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Assume, you run a multi-container Docker application which consists of a database-container and an application-container. What is the difference between the following two methods to shut it down:

First method
1. Open a terminal and start the application with docker-compose up.
2. Shut the application down with Ctrl + C.

Second method
1. Open a terminal and start the application with docker-compose up.
2. Open a second terminal and shut the application down with docker-compose down.

In my understanding, both methods should do the exact same. However, when using the second method, I usually see some exceptions in the logs of the application that it can't connect to the database when it has already been shut down, which I otherwise don't see.

What is the recommended method?

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Running Ctrl+C will only stop the containers (it's actually equivalent to docker-compose stop) while docker-compose down will also remove the stopped containers and delete any networks created by the compose file.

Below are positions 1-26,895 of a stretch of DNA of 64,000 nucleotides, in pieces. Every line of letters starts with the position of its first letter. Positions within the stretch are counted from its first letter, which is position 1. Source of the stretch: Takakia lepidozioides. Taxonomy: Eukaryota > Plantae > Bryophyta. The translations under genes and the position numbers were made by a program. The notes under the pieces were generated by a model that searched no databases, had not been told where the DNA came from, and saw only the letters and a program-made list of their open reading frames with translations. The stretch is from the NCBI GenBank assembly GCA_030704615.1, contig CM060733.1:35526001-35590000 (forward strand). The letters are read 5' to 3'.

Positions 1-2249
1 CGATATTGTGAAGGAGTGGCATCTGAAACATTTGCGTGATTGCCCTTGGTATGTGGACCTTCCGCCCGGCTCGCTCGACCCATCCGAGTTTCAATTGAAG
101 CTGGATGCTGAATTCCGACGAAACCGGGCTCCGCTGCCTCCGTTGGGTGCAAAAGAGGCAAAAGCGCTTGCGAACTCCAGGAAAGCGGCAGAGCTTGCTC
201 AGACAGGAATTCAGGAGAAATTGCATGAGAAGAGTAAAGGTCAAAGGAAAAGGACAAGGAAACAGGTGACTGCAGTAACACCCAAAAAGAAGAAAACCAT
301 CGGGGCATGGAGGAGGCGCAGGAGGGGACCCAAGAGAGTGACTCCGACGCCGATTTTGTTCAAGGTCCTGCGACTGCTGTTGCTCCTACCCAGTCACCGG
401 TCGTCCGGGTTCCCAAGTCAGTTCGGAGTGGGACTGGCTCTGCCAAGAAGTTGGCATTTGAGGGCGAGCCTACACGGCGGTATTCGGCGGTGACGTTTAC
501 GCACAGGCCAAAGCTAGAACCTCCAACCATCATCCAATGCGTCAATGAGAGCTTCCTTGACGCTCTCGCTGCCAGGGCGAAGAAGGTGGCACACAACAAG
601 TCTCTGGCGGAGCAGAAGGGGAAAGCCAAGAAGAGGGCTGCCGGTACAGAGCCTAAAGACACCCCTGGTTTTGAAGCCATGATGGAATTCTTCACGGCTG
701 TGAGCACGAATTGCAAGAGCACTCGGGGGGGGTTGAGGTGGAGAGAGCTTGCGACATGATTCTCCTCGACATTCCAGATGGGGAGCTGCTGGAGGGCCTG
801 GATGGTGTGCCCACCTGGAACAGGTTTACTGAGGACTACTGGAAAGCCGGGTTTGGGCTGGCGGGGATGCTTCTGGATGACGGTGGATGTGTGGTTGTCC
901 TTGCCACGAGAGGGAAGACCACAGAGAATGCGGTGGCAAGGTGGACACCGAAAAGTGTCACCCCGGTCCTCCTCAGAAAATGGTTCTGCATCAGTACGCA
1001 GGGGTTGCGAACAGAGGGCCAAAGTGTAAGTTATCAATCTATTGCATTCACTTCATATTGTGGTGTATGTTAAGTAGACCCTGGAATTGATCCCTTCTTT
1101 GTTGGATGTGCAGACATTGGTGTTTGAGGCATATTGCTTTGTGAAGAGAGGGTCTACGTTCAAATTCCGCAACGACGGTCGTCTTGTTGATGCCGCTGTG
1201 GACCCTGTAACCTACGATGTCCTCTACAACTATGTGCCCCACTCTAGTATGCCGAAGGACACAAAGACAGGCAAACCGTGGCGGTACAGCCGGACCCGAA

Ctrl+C will only work however if all services are not started as detached (docker-compose up does not have the -d flag set)

As for the recommended method, it really depends on your particular use case. If you only need to stop the services, but not remove the containers, docker-compose stop will suffice. If you want to maybe rebuild the images or use different images, you might need to run docker-compose down.

1
  • I'm not sure that it's actually equivalent. I have a prebuilding process that will start a set of services in docker-compose and load a Redis instance with data (followed by a save to disk), and then wait for the docker-compose to stop. Once it stops, it will package the data. Ever since changing laptops, CTRL+C now breaks out of the script with the normal shutdown messages and a trailing "canceled" message and a non-zero return code. I now need to run "docker-compose stop" instead (which still results in a successful shutdown). Oct 9 at 1:23

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